I hold that all stories, completely irrespective of genre and time period and theme and everything else, are about patterns. Humans are fantastic at recognizing patterns, to the point that we see them when they're not even there in a phenomenon called pareidolia . Stories started out as a way of recording experiences so that, even if you hadn't lived through a given event, you could learn the general pattern that it followed. This isn't what happened exactly, we said, but it is the kind of thing that happens. So if it's bad, pay attention in case you see it start to happen to you, and if it's good, here's what you need to do to make it happen. The tiny, weak Anansi earned the world's stories by felling more powerful enemies through cunning -- so keep in mind what you can do if you're clever, while also remembering that from a venomous spider's perspective, you look an awful lot like a more powerful enemy.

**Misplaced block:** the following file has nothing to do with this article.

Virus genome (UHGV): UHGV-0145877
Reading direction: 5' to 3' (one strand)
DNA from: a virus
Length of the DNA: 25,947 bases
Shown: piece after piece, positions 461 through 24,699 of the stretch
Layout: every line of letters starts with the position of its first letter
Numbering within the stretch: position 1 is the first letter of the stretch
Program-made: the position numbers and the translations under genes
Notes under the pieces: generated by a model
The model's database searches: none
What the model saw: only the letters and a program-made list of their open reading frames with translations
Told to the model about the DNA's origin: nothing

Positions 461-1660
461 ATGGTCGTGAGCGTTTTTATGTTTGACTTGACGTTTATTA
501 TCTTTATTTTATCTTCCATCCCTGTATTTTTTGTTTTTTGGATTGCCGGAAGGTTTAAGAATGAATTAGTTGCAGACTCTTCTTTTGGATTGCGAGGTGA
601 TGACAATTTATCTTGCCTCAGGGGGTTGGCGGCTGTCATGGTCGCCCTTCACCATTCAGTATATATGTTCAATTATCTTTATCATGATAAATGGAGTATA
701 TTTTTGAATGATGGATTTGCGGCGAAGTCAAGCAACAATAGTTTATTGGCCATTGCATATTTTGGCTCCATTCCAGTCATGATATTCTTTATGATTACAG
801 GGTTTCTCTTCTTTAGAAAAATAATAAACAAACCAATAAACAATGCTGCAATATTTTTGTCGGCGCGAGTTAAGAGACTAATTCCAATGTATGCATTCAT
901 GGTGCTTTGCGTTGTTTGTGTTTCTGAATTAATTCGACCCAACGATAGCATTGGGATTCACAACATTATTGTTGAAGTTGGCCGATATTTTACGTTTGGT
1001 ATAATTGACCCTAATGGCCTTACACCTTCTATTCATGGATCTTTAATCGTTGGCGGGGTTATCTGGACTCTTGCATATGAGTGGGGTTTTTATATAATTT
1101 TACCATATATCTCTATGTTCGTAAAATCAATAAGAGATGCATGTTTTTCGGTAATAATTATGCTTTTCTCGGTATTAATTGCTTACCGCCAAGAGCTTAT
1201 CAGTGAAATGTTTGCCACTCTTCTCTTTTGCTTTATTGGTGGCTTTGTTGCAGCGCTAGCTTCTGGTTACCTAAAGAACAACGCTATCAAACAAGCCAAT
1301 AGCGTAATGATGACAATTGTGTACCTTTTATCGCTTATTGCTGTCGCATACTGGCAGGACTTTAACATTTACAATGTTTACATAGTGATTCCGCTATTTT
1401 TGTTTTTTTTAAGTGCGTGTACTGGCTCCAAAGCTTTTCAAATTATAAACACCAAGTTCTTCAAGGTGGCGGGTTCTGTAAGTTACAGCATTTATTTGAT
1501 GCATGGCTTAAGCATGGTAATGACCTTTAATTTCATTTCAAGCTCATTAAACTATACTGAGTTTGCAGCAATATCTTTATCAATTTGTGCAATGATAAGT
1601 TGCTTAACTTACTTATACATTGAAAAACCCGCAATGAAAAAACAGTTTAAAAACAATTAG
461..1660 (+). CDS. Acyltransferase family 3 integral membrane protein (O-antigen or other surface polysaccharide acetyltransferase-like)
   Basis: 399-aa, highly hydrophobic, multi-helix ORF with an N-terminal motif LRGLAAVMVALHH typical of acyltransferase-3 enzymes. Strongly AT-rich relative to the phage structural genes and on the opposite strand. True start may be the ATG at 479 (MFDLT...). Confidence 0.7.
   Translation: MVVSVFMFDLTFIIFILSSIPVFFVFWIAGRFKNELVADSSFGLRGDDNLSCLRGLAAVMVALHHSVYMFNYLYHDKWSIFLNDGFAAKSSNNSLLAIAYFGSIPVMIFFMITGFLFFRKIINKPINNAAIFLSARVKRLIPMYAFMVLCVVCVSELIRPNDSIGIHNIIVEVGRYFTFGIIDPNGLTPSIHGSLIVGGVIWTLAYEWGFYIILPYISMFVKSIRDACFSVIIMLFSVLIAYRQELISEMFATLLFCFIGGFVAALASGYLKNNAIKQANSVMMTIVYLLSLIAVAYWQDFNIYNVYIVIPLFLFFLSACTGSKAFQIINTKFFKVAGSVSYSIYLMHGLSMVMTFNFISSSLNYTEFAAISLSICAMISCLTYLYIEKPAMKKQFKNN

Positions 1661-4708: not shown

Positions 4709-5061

(I'd argue that the single line "based on a true story", and its particularly narrow definition of the word "true" that it often doesn't even hold to, has done more damage to our story-telling culture than anything short of book burnings. Does your story contain recognizable emotions and character arcs? Then it's based on a true story, even if it's about spaghetti rabbits from space.)

Fred Clark at slacktivist has spoken about one good thing he learned from playing Dungeons & Dragons as a youngster, during the height of the anti-RPG crusades: the alignment system helped him realize that you can be lawful without being good, and vice-versa. A lesson that the game's detractors would have done well to learn, perhaps.